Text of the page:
hawaiian paradise cake, version 1.0

hawaiian paradise cake

Since I discovered this recipe on flourtrader.blogspot.com a few months ago, I’ve been so intrigued, not only by the colors but also the concept. It’s actually a chiffon cake baked in layer pans instead of the traditional angel food cake tin. And ever since I saw it, I’ve been planning how to make it.

This is a copycat recipe, so called because it attempts to duplicate a famous recipe, in this case the signature cake of King’s Hawaiian Bakery & Restaurant in Torrance, California, whose recipe, unfortunately,  is a secret. King’s Hawaiian Bakery’s technicolor cake originally featured three layers: guava, passion fruit, and lime. The top layer is pink, the middle is orange, and the bottom is green.

I had intended to bring the nectars for the cake with me from New York but I forgot. So I had to go with the juices available here in Bangkok. The top layer is strawberry, the middle is orange, and the bottom is guava. In Thailand, guava is a bland green fruit  known as farangIt is eaten sliced with a spicy dip prik kleua or chili-salt which names two of the three main ingredients in this dip, the other being sugar. But I digress.

I wanted this cake to be made with all natural ingredients. So I brought natural food colors with me from Whole Foods in New York. As you can see, the colors are not as vibrant as the artificial food colors. I did not want to use artificial flavoring so I used the zest of the farang and the zest of an orange to boost the flavor of the juices in those layers.

So with the dissertation drafted and submitted to my sponsor and committee just before New Year’s Eve, I decided to try this recipe today.  The strawberry flavor is distinctive, and so is the orange, but unfortunately, the farang flavor is barely there. I loved the whipped cream icing–light and slightly sweet without being overpowering. I call this version 1.0 because I am quite sure I am going to tinker with this recipe again until it is perfection.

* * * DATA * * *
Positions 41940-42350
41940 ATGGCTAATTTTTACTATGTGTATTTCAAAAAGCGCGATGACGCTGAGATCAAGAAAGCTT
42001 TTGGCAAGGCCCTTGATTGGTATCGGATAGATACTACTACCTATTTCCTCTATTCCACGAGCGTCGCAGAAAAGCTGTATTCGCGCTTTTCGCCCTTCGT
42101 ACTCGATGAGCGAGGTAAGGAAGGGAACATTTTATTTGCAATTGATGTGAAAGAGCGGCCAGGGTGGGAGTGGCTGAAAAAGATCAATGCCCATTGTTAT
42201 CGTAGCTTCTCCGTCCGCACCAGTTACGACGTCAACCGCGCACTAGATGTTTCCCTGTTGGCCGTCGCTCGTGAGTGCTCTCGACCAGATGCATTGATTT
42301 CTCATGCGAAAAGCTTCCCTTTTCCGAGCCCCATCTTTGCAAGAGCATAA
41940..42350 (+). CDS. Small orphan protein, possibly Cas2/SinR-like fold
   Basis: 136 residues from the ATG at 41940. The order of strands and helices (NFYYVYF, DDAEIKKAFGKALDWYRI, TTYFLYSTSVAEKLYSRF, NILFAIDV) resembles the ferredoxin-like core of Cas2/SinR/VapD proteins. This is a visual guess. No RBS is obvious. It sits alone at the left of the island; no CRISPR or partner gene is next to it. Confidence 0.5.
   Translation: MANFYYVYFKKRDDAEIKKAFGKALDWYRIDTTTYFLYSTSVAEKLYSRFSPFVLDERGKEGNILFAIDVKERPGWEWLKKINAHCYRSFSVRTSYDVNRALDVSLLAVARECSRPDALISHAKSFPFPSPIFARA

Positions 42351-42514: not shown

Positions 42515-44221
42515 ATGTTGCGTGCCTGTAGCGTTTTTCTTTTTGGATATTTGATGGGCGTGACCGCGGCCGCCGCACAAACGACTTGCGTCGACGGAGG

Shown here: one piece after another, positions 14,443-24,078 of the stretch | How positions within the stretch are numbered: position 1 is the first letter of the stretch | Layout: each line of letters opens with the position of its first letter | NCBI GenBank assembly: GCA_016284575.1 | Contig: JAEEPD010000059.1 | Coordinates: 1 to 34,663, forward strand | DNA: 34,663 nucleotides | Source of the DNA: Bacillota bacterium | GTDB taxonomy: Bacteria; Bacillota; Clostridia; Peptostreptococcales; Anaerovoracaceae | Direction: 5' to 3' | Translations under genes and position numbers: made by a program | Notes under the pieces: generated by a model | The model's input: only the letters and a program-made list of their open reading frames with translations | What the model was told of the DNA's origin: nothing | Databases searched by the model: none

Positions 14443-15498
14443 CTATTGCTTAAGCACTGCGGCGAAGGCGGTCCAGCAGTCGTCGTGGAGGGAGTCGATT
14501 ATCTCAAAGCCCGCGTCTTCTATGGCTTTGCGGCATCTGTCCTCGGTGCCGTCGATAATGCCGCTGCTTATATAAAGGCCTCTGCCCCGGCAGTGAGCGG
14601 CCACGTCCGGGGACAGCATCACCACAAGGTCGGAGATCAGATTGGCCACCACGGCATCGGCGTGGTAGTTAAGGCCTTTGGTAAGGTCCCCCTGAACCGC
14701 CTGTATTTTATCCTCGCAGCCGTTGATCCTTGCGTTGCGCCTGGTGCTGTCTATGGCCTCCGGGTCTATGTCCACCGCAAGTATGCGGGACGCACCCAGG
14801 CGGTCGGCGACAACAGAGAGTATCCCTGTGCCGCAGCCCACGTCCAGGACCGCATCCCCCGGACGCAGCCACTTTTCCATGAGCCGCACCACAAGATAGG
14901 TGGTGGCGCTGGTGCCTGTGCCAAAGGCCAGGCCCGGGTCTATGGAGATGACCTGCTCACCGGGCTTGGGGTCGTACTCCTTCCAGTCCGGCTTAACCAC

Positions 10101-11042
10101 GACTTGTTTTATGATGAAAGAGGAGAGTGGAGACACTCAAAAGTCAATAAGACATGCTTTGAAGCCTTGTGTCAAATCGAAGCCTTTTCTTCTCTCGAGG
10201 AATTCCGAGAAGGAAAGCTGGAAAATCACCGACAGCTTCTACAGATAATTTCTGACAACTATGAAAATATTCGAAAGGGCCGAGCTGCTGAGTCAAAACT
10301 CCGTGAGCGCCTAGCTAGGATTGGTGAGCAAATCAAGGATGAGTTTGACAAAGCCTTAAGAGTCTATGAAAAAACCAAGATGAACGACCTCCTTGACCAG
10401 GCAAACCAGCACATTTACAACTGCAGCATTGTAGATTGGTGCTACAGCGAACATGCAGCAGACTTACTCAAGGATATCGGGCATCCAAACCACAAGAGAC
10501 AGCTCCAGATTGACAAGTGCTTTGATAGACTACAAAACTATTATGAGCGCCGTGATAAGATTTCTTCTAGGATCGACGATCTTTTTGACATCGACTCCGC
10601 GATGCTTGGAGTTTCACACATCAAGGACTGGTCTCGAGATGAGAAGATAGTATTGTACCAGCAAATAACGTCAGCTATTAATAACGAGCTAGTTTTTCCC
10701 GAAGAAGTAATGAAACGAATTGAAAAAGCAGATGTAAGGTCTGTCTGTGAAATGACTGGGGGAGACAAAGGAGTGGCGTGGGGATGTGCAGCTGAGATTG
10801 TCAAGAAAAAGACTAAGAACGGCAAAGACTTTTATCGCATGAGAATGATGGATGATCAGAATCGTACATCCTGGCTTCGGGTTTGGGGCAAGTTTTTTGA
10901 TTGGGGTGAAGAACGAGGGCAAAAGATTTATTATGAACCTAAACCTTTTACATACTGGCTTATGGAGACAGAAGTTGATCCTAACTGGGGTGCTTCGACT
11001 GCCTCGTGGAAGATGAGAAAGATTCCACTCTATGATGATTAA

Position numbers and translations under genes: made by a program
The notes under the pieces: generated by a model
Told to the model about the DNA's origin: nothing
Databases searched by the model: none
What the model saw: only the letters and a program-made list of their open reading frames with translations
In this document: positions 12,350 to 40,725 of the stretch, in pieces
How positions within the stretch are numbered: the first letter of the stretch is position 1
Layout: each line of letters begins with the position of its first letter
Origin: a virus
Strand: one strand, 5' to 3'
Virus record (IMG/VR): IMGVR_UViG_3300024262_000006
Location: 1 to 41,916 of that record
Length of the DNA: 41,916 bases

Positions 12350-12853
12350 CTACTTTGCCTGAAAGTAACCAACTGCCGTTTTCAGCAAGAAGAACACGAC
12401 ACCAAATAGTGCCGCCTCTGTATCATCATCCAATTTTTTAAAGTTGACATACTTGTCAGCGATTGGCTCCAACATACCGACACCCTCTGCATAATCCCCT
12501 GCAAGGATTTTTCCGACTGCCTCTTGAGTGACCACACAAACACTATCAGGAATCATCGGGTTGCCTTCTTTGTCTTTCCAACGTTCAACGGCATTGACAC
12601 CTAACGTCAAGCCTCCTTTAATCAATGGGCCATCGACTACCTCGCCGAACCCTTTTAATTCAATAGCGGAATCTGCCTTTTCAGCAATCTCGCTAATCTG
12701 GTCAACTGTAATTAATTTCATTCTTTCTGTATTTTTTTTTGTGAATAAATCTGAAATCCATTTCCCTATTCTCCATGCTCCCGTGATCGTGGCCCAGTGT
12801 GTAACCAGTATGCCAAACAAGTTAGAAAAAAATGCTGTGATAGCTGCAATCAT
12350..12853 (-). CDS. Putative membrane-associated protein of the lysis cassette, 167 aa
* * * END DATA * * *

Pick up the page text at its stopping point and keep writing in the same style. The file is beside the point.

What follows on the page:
Have at room temperature:
Ingredients
1 tablespoon butter, melted
2 1/4 cups flour plus 1 tablespoon
2/3 cups white superfine sugar
1 tablespoon baking powder
1 teaspoon salt
1/2 cup vegetable oil
1/2 cup water
1/4 cup (2 oz) key lime juice
1/4 cup (2 oz) guava nectar
1/4 cup (2 oz) passion fruit nectar
5 egg yolks
2 teaspoons vanilla extract
1 1/4 teaspoon each flavoring, optional
2 teaspoons grated lemon zest
liquid food coloring: yellow, red, and green (I recommend natural food coloring)
8 egg whites
1/2 teaspoon cream of tartar
1/2 cup white superfine sugar

Preparation
1. Preheat the oven to 325˚F. Get 6 mixing bowls together and 3 eight- inch spring form cake pans, preferably non-stick.  Do not grease and flour the sides or the bottoms. Set aside.

Cake Baker’s Note: I had followed the original recipe and greased and floured three 9-inch cake pans. Mistake. Chiffon cakes are too delicate to bake in greased pans.  They sag under their own weight. Better to use ungreased springform pans.